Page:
Malay Nationalism and Globalisation

GHAZALI SHAFIE (1922–2010) was a Malaysian politician and diplomat. He served in the Cabinet under four Prime Ministers, most notably as Minister of Home and Foreign Affairs from 1973 to 1984.

Penerbit UKM (Second Printing, 2001)
59 pages


In stock

Malay Nationalism and Globalisation is the 5th Tun Razak Lecture delivered by Ghazali Shafie on 26 March 1998 at Bilik Jumaah, Universiti Kebangsaan Malaysia. Nationalism which always has tried to right wrongs evolved in such a way that it may be so diffused exerting its ways with surprises. Malay nationalism is not quixotic. The way Malay nationalism works changes from time to time but one element remains constant and predictable, namely that nationalism has the aim and objective of resolving the needs of the Malays and remedying wrongs that had visited the Malay community. The wrongs are real and not imagined, brought about by colonialism which deprived the Malay community of equal opportunity to grow and progress.

The burning question is the definition of Malay. Before the coming of Western imperialism, there was a region known as the Malay Archipelago (Gugusan Pulau-pulau Melayu). The region was peopled with common culture, proximity of language and the majority share a common religion of Islam, spoke the Malay language as the lingua franca for trade and religious teachings. In the region there were a number of kingdoms who had fraternal relationships with each other or for reasons of their own, fought wars with each other, thus making it possible for warring factions to seek foreign allies. Western powers who were constantly looking for markets and natural resources got into the act and exploited the fissures were eventually able to dominate the region.

It would appear that the agenda of the Malay nationalism were (a) Liberate the region of colonialism; (b) Unite the Malay World as a single independent nation-state (a Western concept); (c) Correct the wrongs done to the Malays by providing them with equal opportunities particularly in trade and commerce m which the Malays before the colonial era were masters of; colonialism had brought upon the Malays poverty and backwardness.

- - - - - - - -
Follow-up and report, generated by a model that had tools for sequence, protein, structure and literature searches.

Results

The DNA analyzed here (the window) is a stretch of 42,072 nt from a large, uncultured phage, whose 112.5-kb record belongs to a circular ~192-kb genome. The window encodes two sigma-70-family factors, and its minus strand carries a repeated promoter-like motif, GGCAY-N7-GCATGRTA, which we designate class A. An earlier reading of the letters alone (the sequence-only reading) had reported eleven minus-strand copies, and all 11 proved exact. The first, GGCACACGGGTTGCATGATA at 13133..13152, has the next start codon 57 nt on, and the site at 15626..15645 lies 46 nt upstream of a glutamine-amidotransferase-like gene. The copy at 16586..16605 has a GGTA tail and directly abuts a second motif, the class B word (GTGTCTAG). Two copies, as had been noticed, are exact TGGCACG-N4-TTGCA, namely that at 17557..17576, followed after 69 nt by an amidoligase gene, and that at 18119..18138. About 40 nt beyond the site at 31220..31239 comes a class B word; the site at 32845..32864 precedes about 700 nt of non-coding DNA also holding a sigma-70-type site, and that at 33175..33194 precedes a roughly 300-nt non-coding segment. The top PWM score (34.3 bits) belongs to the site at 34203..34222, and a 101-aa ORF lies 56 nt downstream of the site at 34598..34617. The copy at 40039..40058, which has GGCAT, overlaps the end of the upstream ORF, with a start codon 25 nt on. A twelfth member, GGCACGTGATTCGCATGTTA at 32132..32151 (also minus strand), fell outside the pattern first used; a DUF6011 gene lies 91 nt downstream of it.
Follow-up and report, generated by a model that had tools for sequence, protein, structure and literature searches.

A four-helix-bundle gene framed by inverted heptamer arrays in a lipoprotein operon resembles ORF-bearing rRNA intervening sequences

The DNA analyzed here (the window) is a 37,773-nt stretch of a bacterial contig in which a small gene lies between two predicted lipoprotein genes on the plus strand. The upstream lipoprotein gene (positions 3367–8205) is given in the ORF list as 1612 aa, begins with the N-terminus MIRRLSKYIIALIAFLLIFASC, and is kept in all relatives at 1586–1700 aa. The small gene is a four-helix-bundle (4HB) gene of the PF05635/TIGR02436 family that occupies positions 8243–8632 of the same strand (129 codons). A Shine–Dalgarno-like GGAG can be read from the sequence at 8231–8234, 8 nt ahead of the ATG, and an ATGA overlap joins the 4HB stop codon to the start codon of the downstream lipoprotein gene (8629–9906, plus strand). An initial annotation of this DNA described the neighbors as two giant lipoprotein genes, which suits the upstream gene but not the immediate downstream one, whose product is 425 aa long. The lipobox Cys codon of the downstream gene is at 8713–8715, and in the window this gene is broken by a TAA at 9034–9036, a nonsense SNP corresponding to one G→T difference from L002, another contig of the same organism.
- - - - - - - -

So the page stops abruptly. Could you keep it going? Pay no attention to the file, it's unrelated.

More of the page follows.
Let avoid unpredictability in the ways of nationalism because of thoughtless programme towards the much touted globalisation. The whole thing might be the repeat of Bretton Woods and in fact might turn out to be colonialism in another guise. Globalisation could be proven to be negative since the concept originated from a selfish basis of the widest possible market for an industrialised society which espoused Bretton Woods, IMF and the World Bank. Globalisation would still continue to have the same objectives as anti-imperial preference, which in fact is the downing of the imperial preferences created by many colonial powers. Anti-communism, anti-colonialism are for the domination of world market and they would be synonymous.

The arguments in its favour are fiddlesticks unless globalisation could be proven to be positive for the whole of mankind, not only for some and leaving the others to be marginalised. For Malaysia with our Vision 2020, let us not create for ourselves a society divided-one group of about 20% literate in IT while the others remain illiterate and marginalised. That would be disastrous in terms of solidarity and national unity which hitherto had assured our stability the sine qua non of progress and development.

Weight0.135 kg
Dimensions22.8 × 15.2 × 0.2 cm





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